2 High standard of service

A marriage celebrant must maintain a high standard of service in his or her professional conduct and practice.

3 Recognition of significance of marriage

A marriage celebrant must recognise the social, cultural and legal significance of marriage and the marriage ceremony in the Australian community, and the importance of strong and respectful family relationships.

4 Compliance with the Marriage Act and other laws

A marriage celebrant must:

(a) solemnize marriages according to the legal requirements of the Marriage Act 1961 (Cth); and

(b) observe the laws of the Commonwealth and of the State or Territory where the marriage is to be solemnized; and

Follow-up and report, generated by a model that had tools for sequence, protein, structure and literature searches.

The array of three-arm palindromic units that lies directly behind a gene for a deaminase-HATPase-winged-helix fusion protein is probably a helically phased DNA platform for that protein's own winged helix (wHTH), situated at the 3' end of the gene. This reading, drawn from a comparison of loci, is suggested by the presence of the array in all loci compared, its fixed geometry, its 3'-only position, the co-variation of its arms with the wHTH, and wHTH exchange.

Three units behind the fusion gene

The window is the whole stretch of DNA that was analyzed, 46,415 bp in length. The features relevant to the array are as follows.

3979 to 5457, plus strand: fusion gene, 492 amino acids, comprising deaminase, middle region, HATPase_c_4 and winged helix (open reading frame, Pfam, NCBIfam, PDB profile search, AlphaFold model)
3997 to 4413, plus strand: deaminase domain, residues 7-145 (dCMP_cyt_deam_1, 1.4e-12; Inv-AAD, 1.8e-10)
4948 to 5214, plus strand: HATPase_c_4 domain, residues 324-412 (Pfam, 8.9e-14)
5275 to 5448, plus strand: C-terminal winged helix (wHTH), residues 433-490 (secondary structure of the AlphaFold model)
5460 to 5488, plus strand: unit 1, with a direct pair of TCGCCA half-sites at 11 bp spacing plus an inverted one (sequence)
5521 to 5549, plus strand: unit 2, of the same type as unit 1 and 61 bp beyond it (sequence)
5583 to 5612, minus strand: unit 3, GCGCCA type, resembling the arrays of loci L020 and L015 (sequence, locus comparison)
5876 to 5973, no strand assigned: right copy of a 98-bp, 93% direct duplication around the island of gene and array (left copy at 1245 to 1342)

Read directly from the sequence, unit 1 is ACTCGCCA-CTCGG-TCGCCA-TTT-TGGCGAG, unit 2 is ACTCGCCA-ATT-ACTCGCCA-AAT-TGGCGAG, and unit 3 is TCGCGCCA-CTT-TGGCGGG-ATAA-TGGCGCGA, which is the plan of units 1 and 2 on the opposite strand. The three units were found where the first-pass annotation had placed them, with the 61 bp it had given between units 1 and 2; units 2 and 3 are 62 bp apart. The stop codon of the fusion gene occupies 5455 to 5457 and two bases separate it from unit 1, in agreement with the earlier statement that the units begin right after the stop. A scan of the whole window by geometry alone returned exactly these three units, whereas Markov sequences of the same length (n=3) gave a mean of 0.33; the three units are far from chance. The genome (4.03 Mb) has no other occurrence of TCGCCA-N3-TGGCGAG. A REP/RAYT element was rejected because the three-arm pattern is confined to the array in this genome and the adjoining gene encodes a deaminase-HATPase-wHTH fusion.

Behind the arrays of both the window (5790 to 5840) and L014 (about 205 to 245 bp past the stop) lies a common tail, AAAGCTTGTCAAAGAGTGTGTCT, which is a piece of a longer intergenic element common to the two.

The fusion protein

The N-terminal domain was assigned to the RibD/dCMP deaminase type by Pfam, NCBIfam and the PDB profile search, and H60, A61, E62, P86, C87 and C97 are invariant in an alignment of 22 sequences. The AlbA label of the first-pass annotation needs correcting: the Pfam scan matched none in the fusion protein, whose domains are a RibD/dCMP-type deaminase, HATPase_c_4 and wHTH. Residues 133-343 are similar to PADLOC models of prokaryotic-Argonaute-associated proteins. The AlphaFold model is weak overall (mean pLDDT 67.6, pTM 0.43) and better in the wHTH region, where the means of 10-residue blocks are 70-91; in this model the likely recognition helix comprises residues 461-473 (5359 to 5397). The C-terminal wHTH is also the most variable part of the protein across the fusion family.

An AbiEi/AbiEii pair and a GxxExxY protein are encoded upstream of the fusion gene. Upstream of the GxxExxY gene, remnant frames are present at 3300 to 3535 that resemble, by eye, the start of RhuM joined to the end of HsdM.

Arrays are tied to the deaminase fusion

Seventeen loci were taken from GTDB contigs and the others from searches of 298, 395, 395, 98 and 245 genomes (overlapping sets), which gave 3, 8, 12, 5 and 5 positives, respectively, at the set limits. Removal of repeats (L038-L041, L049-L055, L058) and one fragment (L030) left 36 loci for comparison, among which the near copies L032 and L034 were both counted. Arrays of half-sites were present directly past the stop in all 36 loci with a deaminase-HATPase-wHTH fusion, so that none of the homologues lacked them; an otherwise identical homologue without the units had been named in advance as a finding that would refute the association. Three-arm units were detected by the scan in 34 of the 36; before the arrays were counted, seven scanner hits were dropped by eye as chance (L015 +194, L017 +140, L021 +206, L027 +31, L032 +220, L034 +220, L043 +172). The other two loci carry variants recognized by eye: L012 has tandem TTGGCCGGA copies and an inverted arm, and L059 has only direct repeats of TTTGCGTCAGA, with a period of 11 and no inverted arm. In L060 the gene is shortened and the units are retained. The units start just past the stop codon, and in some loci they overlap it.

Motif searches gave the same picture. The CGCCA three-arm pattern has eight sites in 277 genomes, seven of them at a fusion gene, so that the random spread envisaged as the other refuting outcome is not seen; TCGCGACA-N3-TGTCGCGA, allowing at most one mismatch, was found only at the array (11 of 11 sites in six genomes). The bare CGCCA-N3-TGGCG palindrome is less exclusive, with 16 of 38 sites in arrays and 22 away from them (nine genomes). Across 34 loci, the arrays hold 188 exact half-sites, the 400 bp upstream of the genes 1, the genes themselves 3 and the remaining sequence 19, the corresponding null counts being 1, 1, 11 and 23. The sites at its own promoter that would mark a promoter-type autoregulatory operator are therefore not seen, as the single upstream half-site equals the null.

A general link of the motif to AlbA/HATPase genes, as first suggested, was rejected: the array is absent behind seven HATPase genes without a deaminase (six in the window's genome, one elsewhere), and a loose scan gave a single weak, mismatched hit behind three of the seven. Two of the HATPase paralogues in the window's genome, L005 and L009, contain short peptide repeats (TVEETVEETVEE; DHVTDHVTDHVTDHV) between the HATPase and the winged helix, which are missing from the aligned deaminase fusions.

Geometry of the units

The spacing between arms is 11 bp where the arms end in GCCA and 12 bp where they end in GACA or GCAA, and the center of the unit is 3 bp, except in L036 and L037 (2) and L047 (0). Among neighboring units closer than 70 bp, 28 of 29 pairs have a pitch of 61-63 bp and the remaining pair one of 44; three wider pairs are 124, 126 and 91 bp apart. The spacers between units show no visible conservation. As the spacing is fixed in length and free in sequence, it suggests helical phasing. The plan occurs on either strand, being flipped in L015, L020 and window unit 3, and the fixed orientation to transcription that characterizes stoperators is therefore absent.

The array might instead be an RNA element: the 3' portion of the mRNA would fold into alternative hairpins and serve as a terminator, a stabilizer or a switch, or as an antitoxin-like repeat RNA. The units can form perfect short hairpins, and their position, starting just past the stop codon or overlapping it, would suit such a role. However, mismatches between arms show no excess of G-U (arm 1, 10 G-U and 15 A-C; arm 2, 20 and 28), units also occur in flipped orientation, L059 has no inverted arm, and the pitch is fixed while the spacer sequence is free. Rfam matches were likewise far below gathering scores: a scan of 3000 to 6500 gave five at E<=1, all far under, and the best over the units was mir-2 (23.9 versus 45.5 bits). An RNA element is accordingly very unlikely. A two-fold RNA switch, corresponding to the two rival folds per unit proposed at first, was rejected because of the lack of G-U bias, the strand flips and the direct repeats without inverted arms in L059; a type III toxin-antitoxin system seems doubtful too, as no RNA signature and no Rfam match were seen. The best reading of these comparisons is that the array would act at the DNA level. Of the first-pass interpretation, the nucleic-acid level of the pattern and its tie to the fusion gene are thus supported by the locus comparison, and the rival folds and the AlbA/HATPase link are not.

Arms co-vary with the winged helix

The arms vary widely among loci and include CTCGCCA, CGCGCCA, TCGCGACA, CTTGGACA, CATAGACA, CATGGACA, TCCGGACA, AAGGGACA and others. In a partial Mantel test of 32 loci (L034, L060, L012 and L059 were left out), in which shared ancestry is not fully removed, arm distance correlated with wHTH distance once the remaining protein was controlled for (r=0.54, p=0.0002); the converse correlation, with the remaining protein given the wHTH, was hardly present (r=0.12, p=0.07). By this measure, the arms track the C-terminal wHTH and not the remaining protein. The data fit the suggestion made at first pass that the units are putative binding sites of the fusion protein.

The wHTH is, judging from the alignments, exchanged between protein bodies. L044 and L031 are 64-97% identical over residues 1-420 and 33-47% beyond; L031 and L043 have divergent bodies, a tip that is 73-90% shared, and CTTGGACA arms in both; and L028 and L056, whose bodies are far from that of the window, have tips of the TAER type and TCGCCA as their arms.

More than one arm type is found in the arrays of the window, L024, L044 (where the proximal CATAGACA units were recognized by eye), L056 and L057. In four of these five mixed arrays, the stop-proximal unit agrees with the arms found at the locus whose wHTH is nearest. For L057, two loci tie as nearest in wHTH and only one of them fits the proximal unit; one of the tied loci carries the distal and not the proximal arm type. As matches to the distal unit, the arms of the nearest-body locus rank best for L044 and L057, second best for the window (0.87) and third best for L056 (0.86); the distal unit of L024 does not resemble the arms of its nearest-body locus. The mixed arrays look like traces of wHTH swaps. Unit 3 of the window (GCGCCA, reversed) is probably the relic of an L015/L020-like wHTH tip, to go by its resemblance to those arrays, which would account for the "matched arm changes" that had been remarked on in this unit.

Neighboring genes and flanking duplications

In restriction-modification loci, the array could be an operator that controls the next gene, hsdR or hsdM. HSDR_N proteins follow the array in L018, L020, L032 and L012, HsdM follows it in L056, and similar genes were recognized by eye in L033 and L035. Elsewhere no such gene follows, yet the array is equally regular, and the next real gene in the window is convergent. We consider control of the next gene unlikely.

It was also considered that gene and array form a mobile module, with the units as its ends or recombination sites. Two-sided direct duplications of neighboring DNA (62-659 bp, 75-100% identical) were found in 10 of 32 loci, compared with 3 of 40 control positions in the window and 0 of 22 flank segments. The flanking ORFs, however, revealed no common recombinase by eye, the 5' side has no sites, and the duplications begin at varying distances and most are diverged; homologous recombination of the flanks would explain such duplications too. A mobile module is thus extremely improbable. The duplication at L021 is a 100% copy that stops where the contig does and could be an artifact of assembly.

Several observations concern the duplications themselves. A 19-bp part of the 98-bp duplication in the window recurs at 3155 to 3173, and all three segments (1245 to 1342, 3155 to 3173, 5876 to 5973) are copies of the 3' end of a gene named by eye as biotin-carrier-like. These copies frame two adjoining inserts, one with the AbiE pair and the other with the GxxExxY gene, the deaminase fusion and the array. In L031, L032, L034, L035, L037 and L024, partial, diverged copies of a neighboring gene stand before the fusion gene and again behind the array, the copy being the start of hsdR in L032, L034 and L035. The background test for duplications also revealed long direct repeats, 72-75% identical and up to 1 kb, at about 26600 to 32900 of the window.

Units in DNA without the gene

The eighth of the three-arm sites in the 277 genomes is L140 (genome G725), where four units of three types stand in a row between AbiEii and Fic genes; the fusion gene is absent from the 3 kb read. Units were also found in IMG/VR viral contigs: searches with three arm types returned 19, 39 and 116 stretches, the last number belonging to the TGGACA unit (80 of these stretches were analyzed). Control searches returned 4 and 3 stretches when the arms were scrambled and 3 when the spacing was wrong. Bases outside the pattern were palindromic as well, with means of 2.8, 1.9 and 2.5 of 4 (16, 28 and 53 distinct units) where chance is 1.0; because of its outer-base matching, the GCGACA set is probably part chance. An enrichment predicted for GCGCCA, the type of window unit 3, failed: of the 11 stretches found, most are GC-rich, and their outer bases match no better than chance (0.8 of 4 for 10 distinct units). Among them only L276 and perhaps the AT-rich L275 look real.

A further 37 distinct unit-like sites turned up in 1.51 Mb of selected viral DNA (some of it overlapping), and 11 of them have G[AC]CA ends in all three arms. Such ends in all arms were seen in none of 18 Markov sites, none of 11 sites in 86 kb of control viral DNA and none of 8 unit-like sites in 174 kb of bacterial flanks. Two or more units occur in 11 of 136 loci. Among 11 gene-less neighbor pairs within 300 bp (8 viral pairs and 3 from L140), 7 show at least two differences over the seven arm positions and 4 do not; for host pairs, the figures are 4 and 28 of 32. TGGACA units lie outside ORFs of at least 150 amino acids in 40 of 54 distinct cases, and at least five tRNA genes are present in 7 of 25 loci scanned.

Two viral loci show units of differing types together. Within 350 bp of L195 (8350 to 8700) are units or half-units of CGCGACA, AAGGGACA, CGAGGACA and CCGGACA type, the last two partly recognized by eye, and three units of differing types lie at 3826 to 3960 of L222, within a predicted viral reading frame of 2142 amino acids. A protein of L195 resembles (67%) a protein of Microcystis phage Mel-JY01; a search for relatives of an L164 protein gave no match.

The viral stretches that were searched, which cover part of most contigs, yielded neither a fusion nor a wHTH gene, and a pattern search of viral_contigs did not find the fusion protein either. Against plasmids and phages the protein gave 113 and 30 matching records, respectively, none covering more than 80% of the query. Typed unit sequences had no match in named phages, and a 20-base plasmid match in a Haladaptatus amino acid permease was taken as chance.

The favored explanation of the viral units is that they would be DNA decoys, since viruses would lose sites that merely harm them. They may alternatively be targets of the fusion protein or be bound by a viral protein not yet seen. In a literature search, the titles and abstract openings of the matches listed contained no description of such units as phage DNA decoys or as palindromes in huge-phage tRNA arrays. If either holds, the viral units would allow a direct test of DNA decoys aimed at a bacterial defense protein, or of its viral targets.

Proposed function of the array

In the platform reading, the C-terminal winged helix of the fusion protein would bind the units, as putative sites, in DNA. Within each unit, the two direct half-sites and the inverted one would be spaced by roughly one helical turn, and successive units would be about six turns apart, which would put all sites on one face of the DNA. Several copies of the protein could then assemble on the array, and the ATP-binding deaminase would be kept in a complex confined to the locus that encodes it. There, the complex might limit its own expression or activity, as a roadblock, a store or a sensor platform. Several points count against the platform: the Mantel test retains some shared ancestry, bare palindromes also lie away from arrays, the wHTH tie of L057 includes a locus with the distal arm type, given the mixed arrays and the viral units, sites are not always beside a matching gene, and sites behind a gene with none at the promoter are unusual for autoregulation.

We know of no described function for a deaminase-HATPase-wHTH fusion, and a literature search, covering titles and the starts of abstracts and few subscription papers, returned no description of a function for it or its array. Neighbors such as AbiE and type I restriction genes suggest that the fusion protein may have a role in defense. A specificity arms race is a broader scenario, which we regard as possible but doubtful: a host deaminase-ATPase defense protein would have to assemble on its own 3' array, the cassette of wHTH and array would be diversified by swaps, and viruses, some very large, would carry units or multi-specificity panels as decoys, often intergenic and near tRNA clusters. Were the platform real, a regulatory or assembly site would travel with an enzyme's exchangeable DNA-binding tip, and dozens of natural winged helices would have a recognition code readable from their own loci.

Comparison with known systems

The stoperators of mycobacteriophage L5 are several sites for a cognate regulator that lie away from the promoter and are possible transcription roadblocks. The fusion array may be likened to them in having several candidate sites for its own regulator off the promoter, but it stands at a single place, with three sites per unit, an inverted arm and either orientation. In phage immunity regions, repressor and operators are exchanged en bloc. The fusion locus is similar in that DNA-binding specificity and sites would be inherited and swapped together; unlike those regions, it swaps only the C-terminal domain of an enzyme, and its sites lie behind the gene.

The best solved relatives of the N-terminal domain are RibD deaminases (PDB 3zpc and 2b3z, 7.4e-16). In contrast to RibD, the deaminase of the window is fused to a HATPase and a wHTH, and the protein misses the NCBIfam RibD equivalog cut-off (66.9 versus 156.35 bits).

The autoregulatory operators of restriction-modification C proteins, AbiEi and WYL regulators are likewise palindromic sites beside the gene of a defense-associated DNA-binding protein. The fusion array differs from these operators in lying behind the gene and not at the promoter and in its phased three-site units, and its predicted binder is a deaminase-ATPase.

(c) prevent and avoid unlawful discrimination in the provision of marriage celebrancy services.

5 General requirements for marriage ceremonies

A marriage celebrant must respect the importance of the marriage ceremony to the parties and the other persons organising the ceremony. To that end, the marriage celebrant must do the following:

(a) give the parties information and guidance to enable them to choose or compose a marriage ceremony that will meet their needs and expectations;

(b) respect the privacy and confidentiality of the parties;

(c) maintain appropriate facilities to interview parties and provide office facilities, including facilities for the secure storage of records;

(d) within a reasonable time before the marriage ceremony:

(i) confirm all details with the parties; and

(ii) ensure the return of all personal documents belonging to the parties (unless it is necessary to keep the documents for the ceremony); and